Most Beautiful Waterfalls in National Parks
From the Roaring Folk Falls to Paterson Great Falls, this list of the most beautiful waterfalls in national parks will take your breath away.
There's something about watching the lively, roaring cascade of a waterfall that just puts your mind at ease. Waterfalls are nature's graceful rendition of a fountain—and to this day, no one has proven to be a better architect than Mother Nature herself.
Most people don't realize how many waterfalls exist throughout the United States. There are plenty of waterfalls near local creeks and streams that aren't even charted on maps. However, most waterfalls aren't really that big. That's why they don't really make many headlines.
If you want to see seriously majestic waterfalls, you will need to hit up a national park or two. Not all national parks will have a great waterfall, though, so if you're really looking for an amazing sight, you might want to check out this list of the best waterfalls in national parks to visit.
Rainbow Falls — Devils Postpile National Monument, CA
One of the biggest underdogs, as far as waterfalls in national parks go, is Rainbow Falls. This striking waterfall typically plays second fiddle to the Devil's Postpile, but it really shouldn't.
Visitors who approach this beautiful place get to see waters crashing from 101 feet up in the air, down into a serene stream below. The name Rainbow Falls isn't a misnomer, either. During the middle of the day, the sun hitting the waters creates a series of rainbows that seem to hover over the falls.
Bird Woman Falls — Glacier National Park, MT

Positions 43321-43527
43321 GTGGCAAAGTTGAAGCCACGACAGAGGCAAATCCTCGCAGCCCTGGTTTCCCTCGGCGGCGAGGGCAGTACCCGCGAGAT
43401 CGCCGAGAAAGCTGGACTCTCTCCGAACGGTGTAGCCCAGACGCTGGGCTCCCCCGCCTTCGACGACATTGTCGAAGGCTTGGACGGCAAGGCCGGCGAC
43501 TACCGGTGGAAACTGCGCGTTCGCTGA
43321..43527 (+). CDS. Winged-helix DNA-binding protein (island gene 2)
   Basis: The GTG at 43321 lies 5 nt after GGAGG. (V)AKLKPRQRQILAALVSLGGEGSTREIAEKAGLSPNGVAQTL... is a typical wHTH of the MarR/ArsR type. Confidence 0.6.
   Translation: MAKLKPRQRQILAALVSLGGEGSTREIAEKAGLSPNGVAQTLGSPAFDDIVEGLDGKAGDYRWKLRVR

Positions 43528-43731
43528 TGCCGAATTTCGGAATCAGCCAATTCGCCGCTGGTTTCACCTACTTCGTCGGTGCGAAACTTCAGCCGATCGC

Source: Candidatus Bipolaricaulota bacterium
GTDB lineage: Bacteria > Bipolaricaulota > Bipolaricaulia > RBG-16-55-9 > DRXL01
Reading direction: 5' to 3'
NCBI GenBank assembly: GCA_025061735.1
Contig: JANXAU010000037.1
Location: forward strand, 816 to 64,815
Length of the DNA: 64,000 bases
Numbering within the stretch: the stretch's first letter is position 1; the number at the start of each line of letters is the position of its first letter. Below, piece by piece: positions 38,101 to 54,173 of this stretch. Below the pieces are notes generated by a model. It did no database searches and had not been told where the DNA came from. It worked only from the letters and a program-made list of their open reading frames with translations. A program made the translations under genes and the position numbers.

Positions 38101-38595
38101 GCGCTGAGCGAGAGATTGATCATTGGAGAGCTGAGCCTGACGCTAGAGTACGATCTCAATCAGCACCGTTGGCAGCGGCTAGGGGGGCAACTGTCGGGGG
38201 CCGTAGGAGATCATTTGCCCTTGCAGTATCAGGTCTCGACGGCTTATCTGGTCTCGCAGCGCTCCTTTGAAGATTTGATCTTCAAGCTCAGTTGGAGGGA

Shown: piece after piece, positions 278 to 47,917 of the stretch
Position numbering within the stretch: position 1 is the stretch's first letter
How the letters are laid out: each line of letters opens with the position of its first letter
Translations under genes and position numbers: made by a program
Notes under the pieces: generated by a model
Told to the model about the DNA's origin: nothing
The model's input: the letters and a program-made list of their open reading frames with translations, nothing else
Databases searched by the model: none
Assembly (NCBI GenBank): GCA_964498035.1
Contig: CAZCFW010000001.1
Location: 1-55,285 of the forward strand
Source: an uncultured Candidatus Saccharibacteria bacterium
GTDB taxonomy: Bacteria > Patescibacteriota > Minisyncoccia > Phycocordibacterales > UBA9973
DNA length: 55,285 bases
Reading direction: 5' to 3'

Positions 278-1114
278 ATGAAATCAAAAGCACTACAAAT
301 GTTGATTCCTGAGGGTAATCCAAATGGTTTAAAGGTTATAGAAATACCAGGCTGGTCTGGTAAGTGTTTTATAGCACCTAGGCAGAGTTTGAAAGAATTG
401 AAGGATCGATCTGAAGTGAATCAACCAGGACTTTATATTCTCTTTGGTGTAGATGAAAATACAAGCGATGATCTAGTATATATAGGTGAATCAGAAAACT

Few waterfalls in national parks tower anywhere as high as Bird Woman Falls. This massive waterfall has a 560-foot drop, but has a total height of over 900 feet. The falls, which were allegedly named after Sacagawea of Louis and Clark fame, remains one of the most beautiful parts of this national park.
To a point, looking at this waterfall will make you feel small and insignificant. It's so large, it even can be seen from roadways miles away.
Hadlock Brook Waterfall — Acadia National Park, ME
Hadlock Brook Waterfall isn't giant by any means, but it remains one of the most beautiful waterfalls in national parks regardless. Hadlock's beauty comes from the fact that it looks like it'd fit into a fantasy film, especially if you're looking at it from the stone bridge.
This serene, charming little fall only stands at 40 feet high. However, its natural beauty is undeniable and remains one of the top choices for people looking to become one of the best nature photographers on Instagram as a result.
Marymere Falls — Olympic National Park, WA
Marymere Falls is a 90 foot drop, directly down into a placid lake surrounded by verdant greenery. However, it's not the only waterfall to be featured in Olympic National Park's sprawling acreage. Olympic is also home to Bunch Creek Falls, Madison Creek Falls, and Sol Duc Falls—as well as a number of other waterfalls in the surrounding area.
It's fairly safe to say that there are a lot of things to do in national parks like Olympic, and at this particular venue, waterfall watching is one of them. It's one of the best national parks in the US for waterfall fans.
Though there's definitely a lot of competition for being one of the prettiest waterfalls in the area, the delightfully secluded Marymere Falls is regularly cited as a must-see for any hiker who wants a taste of nature.
Overall Run — Shenandoah National Park, VA